Serotonin receptor gene (5HT-2A) polymorphism is associated with provoked vestibulodynia and comorbid symptoms of pain.

Heddini U, Bohm-Starke N, Grönbladh A, Nyberg F, Nilsson KW, Johannesson U

J Sex Med 11 (12) 3064-3071 [2014-12-00; online 2014-09-02]

Provoked vestibulodynia (PVD) is a common type of dyspareunia among young women. The patho-physiology remains largely unclear. Women with PVD have general pain hypersensitivity and often report additional pain symptoms. Signs point towards PVD being a chronic pain disorder similar to other syndromes of longstanding pain, including a common comorbidity of anxiety and depression. Polymorphism in the serotonin receptor gene, 5HT-2A, has been associated with other chronic pain disorders such as fibromyalgia but has not been investigated in PVD patients. We aimed to investigate a possible contribution of polymorphism in the 5HT-2A gene to the etiology of PVD as well as a potential influence on pain sensitivity. In this case-control study 98 women with PVD and 103 healthy controls between 18 and 44 years and in the same menstrual cycle phase completed questionnaires and underwent quantitative sensory testing. Venous blood samples were collected for DNA isolation. Concomitant pain was reported, a bodily pain score was created and pressure pain thresholds (PPTs) on the arm, leg, and in the vestibule were measured. Intensity of coital pain was rated on a visual analog scale, range 0-100. The T102C (rs6313) and A-1438G (rs6311) single nucleotide polymorphisms (SNPs) in the 5HT-2A gene were analyzed. The probability of PVD was elevated in participants carrying the 1438G- and 102C-alleles of the 5HT-2A gene (OR 2.9). The G-/C- genotypes were also associated with more concomitant bodily pain in addition to the dyspareunia, but not with experimental PPTs or coital pain ratings. PVD patients reported more concomitant bodily pain and had lower PPTs compared with controls. The results indicate a contribution of alterations in the serotonergic system to the patho-genesis of PVD and gives further evidence of PVD being a general pain disorder similar to other chronic pain disorders.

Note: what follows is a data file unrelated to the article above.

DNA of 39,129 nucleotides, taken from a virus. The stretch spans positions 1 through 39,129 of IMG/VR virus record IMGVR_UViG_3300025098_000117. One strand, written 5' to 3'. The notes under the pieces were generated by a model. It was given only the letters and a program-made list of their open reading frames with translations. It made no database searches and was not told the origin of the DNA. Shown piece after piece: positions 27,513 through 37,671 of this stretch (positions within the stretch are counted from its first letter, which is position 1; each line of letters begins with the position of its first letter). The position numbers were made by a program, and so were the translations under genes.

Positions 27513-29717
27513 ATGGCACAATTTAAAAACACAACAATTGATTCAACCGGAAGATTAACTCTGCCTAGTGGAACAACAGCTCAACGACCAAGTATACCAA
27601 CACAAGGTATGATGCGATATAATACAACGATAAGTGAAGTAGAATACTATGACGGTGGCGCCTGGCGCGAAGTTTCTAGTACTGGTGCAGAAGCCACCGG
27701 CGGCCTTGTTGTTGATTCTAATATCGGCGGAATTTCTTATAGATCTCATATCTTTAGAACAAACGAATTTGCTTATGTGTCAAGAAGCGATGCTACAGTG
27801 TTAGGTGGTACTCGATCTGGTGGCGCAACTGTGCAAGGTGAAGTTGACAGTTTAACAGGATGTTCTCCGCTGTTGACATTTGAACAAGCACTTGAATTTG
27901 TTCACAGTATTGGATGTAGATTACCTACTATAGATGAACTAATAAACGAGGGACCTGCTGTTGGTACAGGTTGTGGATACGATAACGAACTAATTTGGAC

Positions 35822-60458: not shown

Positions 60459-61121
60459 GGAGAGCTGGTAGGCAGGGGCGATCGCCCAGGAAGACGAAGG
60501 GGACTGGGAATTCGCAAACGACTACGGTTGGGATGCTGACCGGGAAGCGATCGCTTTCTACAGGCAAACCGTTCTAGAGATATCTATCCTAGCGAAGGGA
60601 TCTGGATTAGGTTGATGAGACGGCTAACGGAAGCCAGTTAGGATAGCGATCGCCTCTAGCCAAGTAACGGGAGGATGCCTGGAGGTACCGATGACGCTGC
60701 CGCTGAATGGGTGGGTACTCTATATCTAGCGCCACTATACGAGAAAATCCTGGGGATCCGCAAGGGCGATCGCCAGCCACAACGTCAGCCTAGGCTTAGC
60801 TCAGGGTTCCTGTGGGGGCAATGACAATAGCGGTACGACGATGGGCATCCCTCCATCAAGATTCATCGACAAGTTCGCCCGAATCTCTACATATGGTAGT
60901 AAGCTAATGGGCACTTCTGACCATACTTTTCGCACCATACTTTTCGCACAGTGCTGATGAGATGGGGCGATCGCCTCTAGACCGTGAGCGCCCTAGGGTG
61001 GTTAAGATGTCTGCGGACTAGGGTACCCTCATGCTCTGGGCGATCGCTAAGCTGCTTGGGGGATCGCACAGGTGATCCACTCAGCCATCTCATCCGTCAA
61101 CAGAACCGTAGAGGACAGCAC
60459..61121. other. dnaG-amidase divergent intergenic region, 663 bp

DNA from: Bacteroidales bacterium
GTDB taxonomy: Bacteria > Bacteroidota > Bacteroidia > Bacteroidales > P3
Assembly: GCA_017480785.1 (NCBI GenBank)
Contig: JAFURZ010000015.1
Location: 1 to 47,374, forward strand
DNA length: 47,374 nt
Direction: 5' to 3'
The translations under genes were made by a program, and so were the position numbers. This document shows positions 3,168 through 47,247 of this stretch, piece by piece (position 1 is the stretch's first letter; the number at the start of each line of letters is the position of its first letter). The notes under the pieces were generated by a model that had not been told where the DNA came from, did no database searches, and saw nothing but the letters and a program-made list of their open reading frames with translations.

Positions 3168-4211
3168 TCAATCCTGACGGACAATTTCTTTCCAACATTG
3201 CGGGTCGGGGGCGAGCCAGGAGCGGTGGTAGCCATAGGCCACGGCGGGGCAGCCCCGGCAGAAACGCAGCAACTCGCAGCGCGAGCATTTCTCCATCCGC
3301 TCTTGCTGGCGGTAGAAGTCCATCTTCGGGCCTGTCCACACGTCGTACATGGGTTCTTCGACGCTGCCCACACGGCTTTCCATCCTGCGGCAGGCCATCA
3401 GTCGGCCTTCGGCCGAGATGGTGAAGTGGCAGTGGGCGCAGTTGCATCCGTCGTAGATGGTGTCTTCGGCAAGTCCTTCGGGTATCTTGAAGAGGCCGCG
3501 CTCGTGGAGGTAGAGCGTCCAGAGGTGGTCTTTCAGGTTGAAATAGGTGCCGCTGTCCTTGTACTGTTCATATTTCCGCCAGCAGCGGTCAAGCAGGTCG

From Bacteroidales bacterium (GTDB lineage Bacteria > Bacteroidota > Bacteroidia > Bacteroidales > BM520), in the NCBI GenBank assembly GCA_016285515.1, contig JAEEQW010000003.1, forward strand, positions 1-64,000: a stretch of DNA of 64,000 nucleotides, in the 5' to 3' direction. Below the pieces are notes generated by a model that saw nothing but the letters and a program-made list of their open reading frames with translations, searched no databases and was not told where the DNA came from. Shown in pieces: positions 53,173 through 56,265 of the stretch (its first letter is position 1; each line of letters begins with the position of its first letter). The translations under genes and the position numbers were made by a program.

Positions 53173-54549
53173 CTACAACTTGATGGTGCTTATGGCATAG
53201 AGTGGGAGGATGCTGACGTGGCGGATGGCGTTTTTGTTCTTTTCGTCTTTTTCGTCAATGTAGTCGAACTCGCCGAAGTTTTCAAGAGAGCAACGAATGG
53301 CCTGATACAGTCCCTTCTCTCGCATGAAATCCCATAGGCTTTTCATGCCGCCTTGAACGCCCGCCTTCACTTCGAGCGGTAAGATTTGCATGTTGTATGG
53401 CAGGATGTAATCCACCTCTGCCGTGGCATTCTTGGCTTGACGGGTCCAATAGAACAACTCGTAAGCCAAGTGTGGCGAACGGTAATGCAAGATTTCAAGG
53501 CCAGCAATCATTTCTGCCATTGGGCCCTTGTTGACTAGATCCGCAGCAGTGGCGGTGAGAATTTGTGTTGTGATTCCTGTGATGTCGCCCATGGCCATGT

NGI Uppsala (Uppsala Genome Center)

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PubMed 25174699

DOI 10.1111/jsm.12685

Crossref 10.1111/jsm.12685

S1743-6095(15)30634-2